CBI and Sajid Javid discuss Enterprise Bill

Friday 22 May 2015

The Confederation of British Industry (CBI) has been discussing ideas for better regulation and boosting competitiveness with new business secretary Sajid Javid.

CBI's director general John Cridland and deputy director general Katja Hall met with Mr Javid ahead of the announcement of the new Small Business, Enterprise and Employment Bill at the Engine Room in Bristol. Mr Javid says that the Enterprise Bill is intended to make the UK the best place in Europe for people to start up a business and it is also hoped to create two million more jobs over the next five years.

As well as discussing ideas for better regulation, the three talked about business priorities where EU reform is concerned so that competitiveness can be boosted. Ms Hall and Mr Cridland described their meeting with Mr Javid as 'positive'.

The new Enterprise Bill includes a number of measures for sole traders, limited companies and contractors. For example, it sees the implementation of a Small Business Conciliation Service, which is intended to settle legal disputes more quickly between small firms and larger businesses. In particular, it aims to combat poor payment practices.

Additionally, over the next five years, the new bill aims to cut £10 billion of red tape that small businesses currently have to deal with. This area of the bill not only focuses on measures in Whitehall but, for the first time, it also looks into what independent regulators are doing.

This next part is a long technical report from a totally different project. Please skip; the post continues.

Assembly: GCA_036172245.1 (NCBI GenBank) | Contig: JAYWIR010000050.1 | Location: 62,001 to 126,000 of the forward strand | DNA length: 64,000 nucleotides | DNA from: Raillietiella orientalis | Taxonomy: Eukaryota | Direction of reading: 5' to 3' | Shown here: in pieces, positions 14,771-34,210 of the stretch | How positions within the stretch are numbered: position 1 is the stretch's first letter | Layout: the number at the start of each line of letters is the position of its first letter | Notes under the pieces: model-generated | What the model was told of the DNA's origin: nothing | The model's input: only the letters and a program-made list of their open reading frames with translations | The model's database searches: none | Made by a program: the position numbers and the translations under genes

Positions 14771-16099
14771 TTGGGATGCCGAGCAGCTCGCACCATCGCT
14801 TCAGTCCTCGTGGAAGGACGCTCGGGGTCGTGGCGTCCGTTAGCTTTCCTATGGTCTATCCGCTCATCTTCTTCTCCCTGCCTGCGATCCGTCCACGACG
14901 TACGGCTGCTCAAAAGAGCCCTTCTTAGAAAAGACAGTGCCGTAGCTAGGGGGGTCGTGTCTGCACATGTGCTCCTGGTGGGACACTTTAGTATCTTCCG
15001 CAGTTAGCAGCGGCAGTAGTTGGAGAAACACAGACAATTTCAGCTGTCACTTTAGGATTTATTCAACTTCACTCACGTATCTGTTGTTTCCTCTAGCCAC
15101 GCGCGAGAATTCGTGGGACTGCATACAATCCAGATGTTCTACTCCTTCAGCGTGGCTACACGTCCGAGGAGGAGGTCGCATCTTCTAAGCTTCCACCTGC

In response to the announcement of the Enterprise Bill, Ms Hall said: “Businesses will welcome the government getting out of the blocks early by following through on its commitment to cut red tape.

“And moving forward, it should use its influence in Brussels to combat ‘life-style’ regulation that impacts unfairly on British businesses, such as overly-detailed rules on agency temporary staff and working time.

“We would like to see more details on how the Small Business Conciliation Service will work in practice, as we believe that customers and suppliers should deal directly to reach agreement wherever possible. Greater transparency around payment terms and performance is the best way to instil a culture of prompt payment.”

The issue of late payment is currently one of the top problems facing self employed people. According to research from Bacs, small businesses in the UK are currently owed more than £32 billion. However, many small business owners are reluctant to take these issues to court because they are concerned about how much it will affect them commercially.


By Victoria McDonnell

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